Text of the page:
Date of Award


Document Type


Degree Name

Master of Science (MS)

Legacy Department

Electrical Engineering


Brooks, Dr. Richard R

Committee Member

Sander , Dr. Samuel T

Committee Member

Walker , Dr. Ian D


Computer networks are the nerve systems of modern enterprises. Unfortunately, these networks are subject to numerous attacks. Safeguarding these systems is challenging. In this thesis we describe current threats to enterprise security, before concentrating on the Distributed denial of Service (DDoS) problem.
DDoS attacks on popular websites like Amazon, Yahoo, CNN, eBay, Buy, and the recent acts of war using DDoS attacks against NATO ally Estonia [1] graphically illustrate the seriousness of these attacks. Denial of Service (DoS) attacks are explicit attempts to block legitimate users' system access by reducing system availability [2]. A DDoS attack deploys multiple attacking entities to attain this goal [3]. Unfortunately, DDoS attacks are difficult to prevent and the solutions proposed to date are insufficient. This thesis uses combinatorial game theory to analyze the dynamics of DDoS attacks on an enterprise and find traffic adaptations that counter the attack.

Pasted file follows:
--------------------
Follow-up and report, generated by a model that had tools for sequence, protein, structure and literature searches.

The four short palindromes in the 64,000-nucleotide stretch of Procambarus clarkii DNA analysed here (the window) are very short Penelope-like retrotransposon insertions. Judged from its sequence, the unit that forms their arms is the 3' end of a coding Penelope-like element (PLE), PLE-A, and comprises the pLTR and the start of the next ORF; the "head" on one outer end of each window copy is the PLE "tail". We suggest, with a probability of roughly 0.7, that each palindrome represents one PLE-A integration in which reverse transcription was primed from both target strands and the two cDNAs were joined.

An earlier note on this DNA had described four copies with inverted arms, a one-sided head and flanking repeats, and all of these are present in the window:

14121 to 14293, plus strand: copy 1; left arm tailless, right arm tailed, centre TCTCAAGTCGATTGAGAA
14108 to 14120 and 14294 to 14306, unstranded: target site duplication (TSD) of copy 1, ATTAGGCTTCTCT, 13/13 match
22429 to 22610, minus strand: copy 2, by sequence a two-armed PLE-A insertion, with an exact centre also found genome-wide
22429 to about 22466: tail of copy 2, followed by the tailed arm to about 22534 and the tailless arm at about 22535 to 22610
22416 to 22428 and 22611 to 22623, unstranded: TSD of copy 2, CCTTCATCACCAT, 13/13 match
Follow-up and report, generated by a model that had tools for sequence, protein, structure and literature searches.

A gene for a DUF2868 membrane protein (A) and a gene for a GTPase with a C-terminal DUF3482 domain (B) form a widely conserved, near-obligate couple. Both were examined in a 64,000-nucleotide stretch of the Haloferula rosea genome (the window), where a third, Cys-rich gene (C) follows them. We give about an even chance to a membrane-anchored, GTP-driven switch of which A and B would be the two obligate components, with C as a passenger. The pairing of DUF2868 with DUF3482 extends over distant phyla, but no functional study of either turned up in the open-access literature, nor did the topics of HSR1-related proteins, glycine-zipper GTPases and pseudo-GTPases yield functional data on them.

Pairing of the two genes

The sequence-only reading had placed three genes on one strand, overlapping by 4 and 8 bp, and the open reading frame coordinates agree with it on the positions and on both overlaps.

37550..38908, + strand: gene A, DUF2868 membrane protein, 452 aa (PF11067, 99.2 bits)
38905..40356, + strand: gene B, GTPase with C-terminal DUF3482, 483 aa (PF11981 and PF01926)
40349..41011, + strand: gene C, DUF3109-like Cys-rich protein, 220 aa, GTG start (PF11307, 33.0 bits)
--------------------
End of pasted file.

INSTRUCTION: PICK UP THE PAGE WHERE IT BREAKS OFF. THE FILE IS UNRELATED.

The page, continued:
This work builds on the DDoS analysis in [4]. The approach we present designs networks with a structure that either resists DDoS attacks, or adapts around them. The attacker (Red) launches a DDoS on the distributed application (Blue). Both Red and Blue play an abstract board game defined on a capacitated graph, where nodes have limited CPU capacities and edges have bandwidth constraints. Our technique provides two important results that aid in designing DDoS resistant systems:
1.It quantifies the resources an attacker needs to disable a distributed application. The design alternative that maximizes this value will be the least vulnerable to DDoS attacks.
2.When the attacker does not have enough resources to satisfy the limit in 1, we provide near optimal strategies for reconfiguring the distributed application in response to attempted DDoS attacks.
Our analysis starts by finding the feasible network configurations for Blue that satisfy its computation and communications requirements. The min-cut sets [5] of these configurations are the locations most vulnerable to packet flooding DDoS attacks.
Red places 'zombie' processes on the graph that consume network bandwidth. Red attempts to break Blue communications links. Blue reconfigures its network to re-establish communications. We analyze this board game using the theory of surreal numbers [6]. If Blue can make the game 'loopy' (i.e. move to one of its previous configurations), it wins [7]. If Red creates a situation where Blue can not successfully reconfigure the network, it wins.
In practice, each enterprise relies on multiple distributed processes. Similarly, an attacker can not expect to destroy all of the processes used by the enterprise at any point in time. The attacker will try to maximize the number of processes it can disable at any point in time. This situation describes a 'sum of games' problem [6], where Blue and Red alternate moves. We adapt Berlekamp's strategies for Go endgames, to tractably find near optimal reconfiguration regimes for this P-Space complete problem [6], [7].